ENDINBURG, SCOTLAND- In her spare time, nurse Oluwakemi Akinbobola can be found playing a variety of instruments in a studio near Glasgow Airport.
Originally from Nigeria, Kemi is a presenter on Jambo! Dedicated exclusively to people of African and Caribbean descent in Scotland.
The channel broadcasts in more than a dozen languages, including Pidgin, Yoruba, Swahili, Igbo, and French.
Jambo! – a Swahili word for “hello” – focuses on African and Caribbean themes, including sports and politics.
Kemi, 34, who immigrated to Scotland with her husband ten years ago, hosts a music and discussion show in Yoruba, a West African language.
Despite being based in Glasgow, the NHS worker says she is “zealous about preserving our heritage“.
She says, “We’re in a foreign land with few people from the same place.”
“So we’re trying to keep this language alive so we don’t forget where we came from.”
In part to help Scotland’s African and Caribbean populations navigate the pandemic, Cameroon-born media entrepreneur George Tah launched Jambo! Radio two years ago.
As a result of the multiple languages spoken within the community, there was a lack of understanding of Covid-19, said Tah.
“There is a definite difficulty in understanding mainstream communication messages for people whose first language is not English.”
A solution was found by dubbing public health information messages on Covid-19 from Scotland’s national clinical director Prof Jason Leitch in several languages, including Yoruba and Swahili.
As the Scottish community expands, the social enterprise expects its platform to grow.
There were more than 36,000 people in Scotland identifying as African, Caribbean, or black at the last census, conducted in 2011.
According to George, the true number is much higher since many members of the community did not complete the census forms.
There is evidence that the population has risen even further since then, according to him.
“Restaurants and shops catering to African and Caribbean customers are spreading across cities like Glasgow, Edinburgh, Aberdeen, and Renfrewshire as indicators of the trend.”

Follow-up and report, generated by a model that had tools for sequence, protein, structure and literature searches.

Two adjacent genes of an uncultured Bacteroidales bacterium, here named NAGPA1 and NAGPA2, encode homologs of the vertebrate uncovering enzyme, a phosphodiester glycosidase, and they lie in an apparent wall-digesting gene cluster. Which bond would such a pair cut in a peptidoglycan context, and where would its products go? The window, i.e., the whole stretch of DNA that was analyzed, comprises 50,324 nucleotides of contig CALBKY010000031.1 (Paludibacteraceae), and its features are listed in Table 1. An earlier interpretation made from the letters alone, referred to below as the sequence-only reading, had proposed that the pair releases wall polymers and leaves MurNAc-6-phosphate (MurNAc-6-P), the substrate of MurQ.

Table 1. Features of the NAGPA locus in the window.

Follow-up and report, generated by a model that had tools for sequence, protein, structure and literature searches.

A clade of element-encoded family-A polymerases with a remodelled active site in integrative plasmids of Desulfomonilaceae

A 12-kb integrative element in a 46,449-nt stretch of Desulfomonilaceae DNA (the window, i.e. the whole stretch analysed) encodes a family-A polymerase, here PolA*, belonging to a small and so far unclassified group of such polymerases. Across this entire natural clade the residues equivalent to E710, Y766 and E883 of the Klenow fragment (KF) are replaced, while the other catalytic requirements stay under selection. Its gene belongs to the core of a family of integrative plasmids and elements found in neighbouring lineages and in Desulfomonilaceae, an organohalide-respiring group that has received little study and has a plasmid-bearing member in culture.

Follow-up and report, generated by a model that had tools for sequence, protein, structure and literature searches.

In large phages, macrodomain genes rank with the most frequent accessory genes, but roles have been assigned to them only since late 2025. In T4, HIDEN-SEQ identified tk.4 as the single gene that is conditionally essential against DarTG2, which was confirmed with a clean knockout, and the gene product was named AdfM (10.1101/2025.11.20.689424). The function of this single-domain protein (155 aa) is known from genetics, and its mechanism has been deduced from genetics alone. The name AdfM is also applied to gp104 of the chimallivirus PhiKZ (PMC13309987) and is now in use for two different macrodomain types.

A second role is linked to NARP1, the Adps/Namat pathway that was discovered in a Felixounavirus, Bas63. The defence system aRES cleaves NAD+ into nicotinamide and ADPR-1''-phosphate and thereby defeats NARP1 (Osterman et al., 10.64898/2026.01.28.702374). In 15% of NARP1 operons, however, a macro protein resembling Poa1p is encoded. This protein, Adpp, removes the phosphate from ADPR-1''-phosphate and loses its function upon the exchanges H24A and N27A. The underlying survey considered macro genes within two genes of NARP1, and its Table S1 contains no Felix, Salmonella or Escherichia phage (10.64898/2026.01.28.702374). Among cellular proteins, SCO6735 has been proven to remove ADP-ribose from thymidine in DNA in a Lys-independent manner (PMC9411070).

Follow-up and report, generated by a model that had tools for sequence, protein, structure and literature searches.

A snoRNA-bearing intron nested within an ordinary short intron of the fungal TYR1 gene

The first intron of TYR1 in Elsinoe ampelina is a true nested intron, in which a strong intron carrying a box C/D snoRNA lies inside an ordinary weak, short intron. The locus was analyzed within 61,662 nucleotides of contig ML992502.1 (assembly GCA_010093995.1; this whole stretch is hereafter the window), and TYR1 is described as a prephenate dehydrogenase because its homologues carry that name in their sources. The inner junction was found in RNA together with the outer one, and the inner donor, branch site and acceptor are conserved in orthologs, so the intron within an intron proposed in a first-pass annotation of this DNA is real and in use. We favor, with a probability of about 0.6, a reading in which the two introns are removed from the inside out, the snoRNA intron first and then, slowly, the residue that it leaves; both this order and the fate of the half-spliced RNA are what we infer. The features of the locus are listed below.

“Additionally, there are multiple churches in Scotland that attract huge crowds of people of African and Caribbean descent.”
George says, in recent years, the influx of Africans and Caribbeans has been largely attributed to family or work connections with Scotland.
According to him, there are many reasons why they came to this country. “Many people have heard by word of mouth that Scotland is a good place to live, with a welcoming attitude and a good quality of life.”
The station, which airs Jambo! requests, fosters a sense of community for the diaspora north of the border, according to presenter Chineye (“Chinny”) Ochuba.
“Unlike England, where the African and Caribbean communities are on their third generation, we are probably on our first generation here in Scotland,” she says.
“Not many of us were born in Scotland, so just to have that sense of community – that sense of ‘oh, I can actually feel like I am back home’ – gives you what I call a taste of home.”
Currently, the station relies heavily on donations and grants to stay afloat, as Chinny is one of 34 employees – mostly volunteers. In addition, Social Investment Scotland provides support for the project. The organization’s remit extends beyond broadcasting.
In addition, Jambo has been providing digital and employability training to young people from the African and Caribbean communities who are not employed, educated, or trained.
As a result of its partnership with Renfrewshire Council, nearly a dozen youths have been able to find jobs by learning computer skills, writing CVs, and interviewing methods.
George, however, believes authorities need to do more to create opportunities for young people.
“We have a young African and Caribbean population in Scotland and it is growing every year,” he says.
“As a result, if we do not establish institutions that can support the entire system from the grassroots, it will be so difficult that we will end up with black kids or mixed-race kids running around the streets because they feel the entire system is against them.”
As of now, Jambo! is available through its website or mobile app, but digital radio will be available soon.
George says the goal is to make the community more accessible and reach a broader audience.
“In spite of the fact that there are mobile devices to access the internet today, younger people are more likely to use them to engage with the internet.”
“The digital radio allows us to reach people driving or older people who are not very adept at using their phones, but have digital radio at home.”